Tuesday, February 04, 2014
Ladybird: A True Publishing Brand is 100
Today Penguin celebrates the centenary of the registration of the Ladybird logo in 1915. It was very interesting to watch the recent televised documentary on the remarkable story of this format and its history.
The real Ladybird success, came with the introduction in 1940, of a pocket-sized mini-hardback book measuring four-and-a-half by seven inches and based on a standard 56 page folded format, which was cut to size with no waste. On one side of the spread were high quality full-colour illustrations by the likes A. J. Macgregor, Charles Tunnicliffe, Allen Seaby, Harry Wingfield and Martin Aitchison, whilst on the other side the text was simple clean and engaging with verse initially by W. Perring.
The characters created by Ladybird captivated the children of the time and the books were sold in not just bookshops but newsagent and the grocers. Most children in the late 50s, 60s and early 70s were avid readers and collectors of the cheap, simple and distinctive books, which often depicted the post war model British way of life and the innocence of the children Peter and Jane at play, the housewife Mum and breadwinner Dad.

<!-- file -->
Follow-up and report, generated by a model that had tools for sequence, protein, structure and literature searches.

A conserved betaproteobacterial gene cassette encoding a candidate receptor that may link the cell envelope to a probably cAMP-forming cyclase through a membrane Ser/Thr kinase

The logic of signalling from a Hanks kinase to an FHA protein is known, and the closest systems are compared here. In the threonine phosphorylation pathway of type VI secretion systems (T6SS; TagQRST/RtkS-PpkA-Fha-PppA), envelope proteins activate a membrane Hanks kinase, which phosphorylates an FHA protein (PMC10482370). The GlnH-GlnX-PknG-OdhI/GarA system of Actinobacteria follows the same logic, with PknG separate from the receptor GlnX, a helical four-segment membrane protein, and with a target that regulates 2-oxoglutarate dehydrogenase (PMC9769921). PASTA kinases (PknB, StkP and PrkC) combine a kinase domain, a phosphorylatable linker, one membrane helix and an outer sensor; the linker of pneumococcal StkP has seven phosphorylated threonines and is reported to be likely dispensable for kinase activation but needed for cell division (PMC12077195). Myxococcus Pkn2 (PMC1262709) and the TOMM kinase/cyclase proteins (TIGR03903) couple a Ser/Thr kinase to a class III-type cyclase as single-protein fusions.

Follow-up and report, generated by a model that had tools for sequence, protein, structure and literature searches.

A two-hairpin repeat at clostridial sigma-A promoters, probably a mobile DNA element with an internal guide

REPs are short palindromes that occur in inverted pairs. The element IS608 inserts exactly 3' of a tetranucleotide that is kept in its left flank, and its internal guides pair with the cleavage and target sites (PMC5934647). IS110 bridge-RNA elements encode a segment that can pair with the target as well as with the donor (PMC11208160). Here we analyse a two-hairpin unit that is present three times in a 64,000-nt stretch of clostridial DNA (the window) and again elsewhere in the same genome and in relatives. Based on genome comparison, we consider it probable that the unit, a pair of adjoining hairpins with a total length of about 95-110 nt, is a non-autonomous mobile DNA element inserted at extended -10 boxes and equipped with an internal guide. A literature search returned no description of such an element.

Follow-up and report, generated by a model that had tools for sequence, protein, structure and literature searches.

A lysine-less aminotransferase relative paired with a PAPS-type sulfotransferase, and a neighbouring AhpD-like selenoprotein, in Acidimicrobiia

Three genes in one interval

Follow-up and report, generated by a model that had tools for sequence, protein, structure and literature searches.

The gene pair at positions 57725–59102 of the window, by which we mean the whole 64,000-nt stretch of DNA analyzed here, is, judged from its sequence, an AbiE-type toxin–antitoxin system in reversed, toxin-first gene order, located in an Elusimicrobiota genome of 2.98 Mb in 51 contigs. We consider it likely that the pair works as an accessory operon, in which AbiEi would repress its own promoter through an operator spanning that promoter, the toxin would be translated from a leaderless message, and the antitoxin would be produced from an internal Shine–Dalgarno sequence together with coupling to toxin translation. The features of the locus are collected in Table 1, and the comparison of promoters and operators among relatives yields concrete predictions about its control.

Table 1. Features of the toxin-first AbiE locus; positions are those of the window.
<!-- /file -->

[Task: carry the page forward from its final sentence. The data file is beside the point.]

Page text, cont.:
Labybird went further than the Famous Five, Just William and other fictional series of the day. They covered not just stories based on family life, but introduced many to the wonders of nature and history and even covered science and engineering subjects. The series were colour banded, uniform and filled both the shelves and minds of many children in a way that has yet to be surpassed. In addition, all the books were priced the same and were aimed at being affordable and accessible for children to buy themselves.
Would the format and style have adapted to the changing marketplace or was the changes introduced under Pearson inevitable and the death of the design form inevitable? Was DK the closest to matching their audience? Are today’s collectors merely remembering their lost childhoods, or paying respect to what was once a winning format, a clean price point and distinctive brand?
Can we learn today from the Ladybird pre Pearson? Today’s children’s books come in all sizes, have no price point and often the character is the brand. Will tomorrow’s books continue the same, or will someone revisit what once worked and adapt it to today’s growing digital and physical book markets?